It seems to me that the entire summer was spent mowing that one large field across the highway from Taliesin. It extends from the Lloyd Jones Chapel on the south on around the bend to the coffee shop at the east that was opposite the abutment of the bridge over the Wisconsin River. The field was beautiful after mowing with the concentric rows of mown hay diminishing to zero at the center. I was delighted to think that I had created all that beauty on such a vast scale with only a hay mower. The field was in full view from the Taliesin living room and I thought afterwards that a similar view must have inspired the abstraction that is the frontispiece for BOOK THREE, WORK from An Autobiography by Frank Lloyd Wright. (In case no one else has made the connection, the frontispiece for BOOK ONE, FAMILY, is an abstraction of his trek with Uncle John described on page 3). It was an altogether delightful summer. There was ample opportunity for reflection while riding the mower eight hours a day. Early on in my endeavor I managed to bend the mower support arm trying to mow around the edges of the field for a more manicured look. Ken Lockhart wasn’t too happy about that but had it repaired with only a few pointed remarks. I also mowed around all the roads visible from the Taliesin living room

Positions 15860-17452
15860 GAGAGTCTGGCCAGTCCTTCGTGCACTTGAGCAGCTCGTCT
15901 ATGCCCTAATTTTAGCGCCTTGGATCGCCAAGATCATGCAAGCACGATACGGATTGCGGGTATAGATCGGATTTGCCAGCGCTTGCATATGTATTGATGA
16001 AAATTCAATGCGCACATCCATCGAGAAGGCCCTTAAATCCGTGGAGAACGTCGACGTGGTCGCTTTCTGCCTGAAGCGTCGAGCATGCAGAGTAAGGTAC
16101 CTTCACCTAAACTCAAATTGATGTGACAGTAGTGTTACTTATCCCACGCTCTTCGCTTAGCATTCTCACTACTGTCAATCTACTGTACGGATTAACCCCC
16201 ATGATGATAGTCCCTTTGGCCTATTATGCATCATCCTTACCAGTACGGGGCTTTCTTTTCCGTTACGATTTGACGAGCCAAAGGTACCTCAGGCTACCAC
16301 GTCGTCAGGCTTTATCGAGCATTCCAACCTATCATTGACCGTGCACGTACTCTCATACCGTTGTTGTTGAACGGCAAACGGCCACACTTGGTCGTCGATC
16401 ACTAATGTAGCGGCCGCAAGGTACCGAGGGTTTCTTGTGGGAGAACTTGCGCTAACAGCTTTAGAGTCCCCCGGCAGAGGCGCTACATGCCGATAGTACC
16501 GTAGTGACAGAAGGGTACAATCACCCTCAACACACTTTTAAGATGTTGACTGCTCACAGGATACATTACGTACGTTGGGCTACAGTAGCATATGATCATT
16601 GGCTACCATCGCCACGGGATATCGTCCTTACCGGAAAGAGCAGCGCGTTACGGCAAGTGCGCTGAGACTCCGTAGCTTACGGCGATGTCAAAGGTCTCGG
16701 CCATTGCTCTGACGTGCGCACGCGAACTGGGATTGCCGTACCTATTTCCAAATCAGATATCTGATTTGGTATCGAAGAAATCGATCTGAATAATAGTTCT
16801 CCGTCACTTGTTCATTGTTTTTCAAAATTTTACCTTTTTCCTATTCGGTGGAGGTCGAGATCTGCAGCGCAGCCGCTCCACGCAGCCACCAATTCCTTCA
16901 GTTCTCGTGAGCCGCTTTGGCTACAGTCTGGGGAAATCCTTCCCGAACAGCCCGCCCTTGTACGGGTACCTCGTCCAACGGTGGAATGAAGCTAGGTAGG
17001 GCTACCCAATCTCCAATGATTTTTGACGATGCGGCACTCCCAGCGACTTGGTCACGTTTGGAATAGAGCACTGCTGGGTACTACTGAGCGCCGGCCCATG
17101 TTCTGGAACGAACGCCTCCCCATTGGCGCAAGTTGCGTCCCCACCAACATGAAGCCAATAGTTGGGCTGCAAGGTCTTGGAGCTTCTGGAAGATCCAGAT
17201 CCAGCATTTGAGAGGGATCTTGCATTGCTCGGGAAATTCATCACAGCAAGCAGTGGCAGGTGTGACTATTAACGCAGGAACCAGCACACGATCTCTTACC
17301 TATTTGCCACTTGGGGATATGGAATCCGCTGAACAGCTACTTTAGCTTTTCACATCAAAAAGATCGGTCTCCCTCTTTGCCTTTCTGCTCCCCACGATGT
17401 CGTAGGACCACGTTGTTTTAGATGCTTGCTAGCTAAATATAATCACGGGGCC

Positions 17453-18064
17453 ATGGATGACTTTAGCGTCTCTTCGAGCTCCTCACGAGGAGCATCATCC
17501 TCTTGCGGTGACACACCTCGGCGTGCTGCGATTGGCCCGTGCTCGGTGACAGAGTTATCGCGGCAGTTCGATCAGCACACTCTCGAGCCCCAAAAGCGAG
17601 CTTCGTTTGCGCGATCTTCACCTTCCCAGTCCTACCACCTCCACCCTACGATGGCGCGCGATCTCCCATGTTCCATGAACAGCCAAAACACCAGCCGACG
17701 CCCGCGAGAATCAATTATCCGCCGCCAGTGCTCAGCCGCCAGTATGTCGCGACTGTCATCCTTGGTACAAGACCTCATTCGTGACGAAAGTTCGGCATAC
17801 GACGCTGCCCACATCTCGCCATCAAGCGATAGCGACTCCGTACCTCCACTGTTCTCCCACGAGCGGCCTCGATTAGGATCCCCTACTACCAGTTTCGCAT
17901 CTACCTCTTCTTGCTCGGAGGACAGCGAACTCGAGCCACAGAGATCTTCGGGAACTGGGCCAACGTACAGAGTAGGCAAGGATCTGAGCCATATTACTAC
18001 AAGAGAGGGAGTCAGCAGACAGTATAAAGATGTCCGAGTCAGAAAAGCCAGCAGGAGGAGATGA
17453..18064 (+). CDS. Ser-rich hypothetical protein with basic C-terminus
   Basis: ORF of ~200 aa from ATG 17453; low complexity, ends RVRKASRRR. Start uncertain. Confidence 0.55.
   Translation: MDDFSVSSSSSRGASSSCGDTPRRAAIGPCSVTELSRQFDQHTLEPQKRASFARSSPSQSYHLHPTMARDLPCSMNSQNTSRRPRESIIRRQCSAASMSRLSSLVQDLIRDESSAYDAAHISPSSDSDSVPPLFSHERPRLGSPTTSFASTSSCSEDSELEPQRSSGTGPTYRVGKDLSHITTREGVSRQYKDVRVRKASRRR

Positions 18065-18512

Meanwhile, back in the drafting room Steve Oyakawa had completed the working drawings for the Neils house without any changes from the preliminary drawings. It was Mr. Wright’s practice to sign drawings in the drafting room after breakfast on Sunday morning and on this particular Sunday I just happened to be present, and the Neils house working drawings just happened to come up for Wright’s signature. So I said to myself, “This will be interesting.” Mr. Wright leafed through the drawings, picked up a pencil and preceded to redesign the house on the completed set of working drawings. The final design is as illustrated in the reference of the first paragraph. All the lower level functions were moved to the upper level adjacent to the workspace, and the long outside entry walk was enclosed as part of the interior space; the carport swung around in line with the bedroom wing and the roof changed from a hip roof to a gable roof. It was a major redesign and took less than half an hour. When Mr. Wright was finished, he stood up, tossed the pencil on the table, and said, “Well, occasionally one of these gets through without the benefit of clergy.” The comment was accompanied by his wry smile. I was delighted. My position had been vindicated.